As I pulled a stool out from the bar to take a seat, the white boy nearest me seemed to yell with a booming voice, “What were you thinking, man?”  He had a goofy face, and he seemed to be opening his eyes as wide as he could.  He had loose curly bright red hair that popped out the back of the bandana he was wearing like water from a fire hydrant.

I must have looked confused, as my mouth was slightly open and my eyebrows were knit tight.  “Um. . .” I spoke, trying to think of something funny to quip, and hopefully reduce the tension of this interaction.  I pulled a stool up close to the bar, sat on it calmly, and told the truth.  “I don’t know.  I was scared, I guess?”

The young man laughed and clapped in a way that seemed to be more at me than with me.  I ignored what I might have considered a slight as I felt Sonia’s arm lay across my upper back.  She wrapped her palm around my shoulder and brought it tight against my bicep, squeezing me harder than I’d have expected.  “Sorry about that.  I just saw you, and I’d had a few and I was holding a microphone.  So, ya know?”  She shrugged adorably.

“No, no, it’s fine,” I said truthfully, as it really was fine.  Sonia hadn’t embarrassed me by blurting out into a microphone that I’d refused her offer of sex.  Just the opposite, it made me seem quite the gentleman.  “I just wanted to come up and see, uh, what’s goin’ on.”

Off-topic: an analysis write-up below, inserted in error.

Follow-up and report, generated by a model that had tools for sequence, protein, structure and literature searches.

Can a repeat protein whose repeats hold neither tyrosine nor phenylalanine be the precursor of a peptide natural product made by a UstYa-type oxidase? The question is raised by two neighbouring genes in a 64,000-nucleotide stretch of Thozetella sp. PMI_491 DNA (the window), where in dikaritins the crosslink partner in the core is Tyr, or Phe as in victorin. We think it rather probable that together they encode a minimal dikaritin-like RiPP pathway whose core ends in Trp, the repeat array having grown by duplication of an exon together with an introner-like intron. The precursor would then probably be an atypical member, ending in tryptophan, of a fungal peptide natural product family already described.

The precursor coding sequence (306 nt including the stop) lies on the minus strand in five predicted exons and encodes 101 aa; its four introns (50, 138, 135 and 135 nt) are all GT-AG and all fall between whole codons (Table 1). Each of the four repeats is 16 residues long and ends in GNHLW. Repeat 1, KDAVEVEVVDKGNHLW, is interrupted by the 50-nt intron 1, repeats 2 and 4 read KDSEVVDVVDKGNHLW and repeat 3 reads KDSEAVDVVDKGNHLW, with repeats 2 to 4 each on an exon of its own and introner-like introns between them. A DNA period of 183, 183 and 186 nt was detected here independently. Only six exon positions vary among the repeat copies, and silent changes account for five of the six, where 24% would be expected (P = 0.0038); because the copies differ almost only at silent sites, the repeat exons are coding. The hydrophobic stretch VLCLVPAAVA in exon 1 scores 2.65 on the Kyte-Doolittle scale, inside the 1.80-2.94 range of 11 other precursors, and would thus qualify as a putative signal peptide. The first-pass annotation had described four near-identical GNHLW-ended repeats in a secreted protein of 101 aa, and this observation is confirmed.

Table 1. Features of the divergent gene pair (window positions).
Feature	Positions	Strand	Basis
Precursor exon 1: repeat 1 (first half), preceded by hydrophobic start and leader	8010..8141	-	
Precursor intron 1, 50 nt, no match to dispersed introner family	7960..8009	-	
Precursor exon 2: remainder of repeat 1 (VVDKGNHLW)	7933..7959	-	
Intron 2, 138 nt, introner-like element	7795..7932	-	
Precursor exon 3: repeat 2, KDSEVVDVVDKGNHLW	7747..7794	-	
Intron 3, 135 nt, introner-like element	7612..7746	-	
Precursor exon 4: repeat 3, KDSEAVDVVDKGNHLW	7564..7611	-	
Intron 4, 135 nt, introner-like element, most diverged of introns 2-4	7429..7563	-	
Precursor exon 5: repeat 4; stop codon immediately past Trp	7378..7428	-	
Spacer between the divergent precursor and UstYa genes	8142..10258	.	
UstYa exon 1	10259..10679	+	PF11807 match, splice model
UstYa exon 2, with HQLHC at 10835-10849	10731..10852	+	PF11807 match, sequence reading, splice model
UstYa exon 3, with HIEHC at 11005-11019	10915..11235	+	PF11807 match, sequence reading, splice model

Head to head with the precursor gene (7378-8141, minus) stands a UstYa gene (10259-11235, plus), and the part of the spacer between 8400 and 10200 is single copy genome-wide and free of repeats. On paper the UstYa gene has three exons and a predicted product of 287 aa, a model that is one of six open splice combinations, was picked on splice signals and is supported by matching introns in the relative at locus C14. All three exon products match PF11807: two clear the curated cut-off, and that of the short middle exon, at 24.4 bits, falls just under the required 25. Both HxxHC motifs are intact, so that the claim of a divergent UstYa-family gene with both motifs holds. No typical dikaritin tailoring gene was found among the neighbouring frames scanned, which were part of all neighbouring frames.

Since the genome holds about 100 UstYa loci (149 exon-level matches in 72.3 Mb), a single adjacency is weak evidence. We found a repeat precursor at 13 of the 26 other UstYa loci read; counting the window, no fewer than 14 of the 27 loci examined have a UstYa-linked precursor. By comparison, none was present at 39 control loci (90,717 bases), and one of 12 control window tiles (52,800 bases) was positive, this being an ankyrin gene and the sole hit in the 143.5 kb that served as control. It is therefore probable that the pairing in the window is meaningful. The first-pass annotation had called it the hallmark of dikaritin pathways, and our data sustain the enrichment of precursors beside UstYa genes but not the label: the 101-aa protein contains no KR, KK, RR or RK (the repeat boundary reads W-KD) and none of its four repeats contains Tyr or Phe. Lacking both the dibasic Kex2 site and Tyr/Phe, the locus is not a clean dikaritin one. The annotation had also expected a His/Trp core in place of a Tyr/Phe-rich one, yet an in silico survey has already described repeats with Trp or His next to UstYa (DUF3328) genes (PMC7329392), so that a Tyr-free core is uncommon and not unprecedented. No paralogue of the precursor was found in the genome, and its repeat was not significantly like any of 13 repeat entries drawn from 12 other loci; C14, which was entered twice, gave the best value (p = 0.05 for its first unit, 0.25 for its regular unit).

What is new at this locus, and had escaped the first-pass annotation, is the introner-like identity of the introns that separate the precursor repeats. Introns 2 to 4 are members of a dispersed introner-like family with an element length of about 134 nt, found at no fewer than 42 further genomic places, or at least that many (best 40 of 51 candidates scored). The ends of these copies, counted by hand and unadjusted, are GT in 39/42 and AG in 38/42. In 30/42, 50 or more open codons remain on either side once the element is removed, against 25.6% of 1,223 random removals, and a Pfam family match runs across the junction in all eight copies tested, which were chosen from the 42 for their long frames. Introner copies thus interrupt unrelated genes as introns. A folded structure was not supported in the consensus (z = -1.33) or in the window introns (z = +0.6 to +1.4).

Sonia went about showing me the list of comedians and explaining its workings with a simple summary.  “I put the list up at eight, and it’s pretty much first come first serve, but if you wanted to go up early I can slide you in.”

“The list?  Slide me in?”

Sonia chuckled putting her hand on her hip.  “Slide you in just means put your name on the list to perform tonight.”

I would’ve probably objected, saying that I couldn’t possibly go up tonight, but I was caught by Sonia’s eyes.  I figured it was probably some obvious touch of makeup, like a dusting of blush or rouge wherever, but her eyes were stunning and they caught me; I was helpless.  From the wit in her eyes I could tell that she expected me to fumble, but I held strong and acted cool.  “Yeah okay, I’m in.”

Smiling and clapping, Sonia picked up a pen and the clipboard that held the list of that night’s performers.  The numbers one and two were blank, but the numbers three through fourteen were filled with names.  I turned to Sonia, as I was not quite sure what to do, but she told me that I didn’t need to put my name on the list, because she’d get me up whenever I was ready.

“Bullshit!”  The kid with the fire hydrant hair waved his arms and stomped his feet.  “He turned you down though, Sonia, fuck him.”

“You’ve already met Cali,” Sonia said with flippant disregard, “I guess you can tell he’s a shithead.”

“Shut up, bitch,” Cali responded quickly, and they each moved on.  It seemed like they’d been joking, or at least had some sort of prior understanding.  I laughed neither nervously nor excitedly.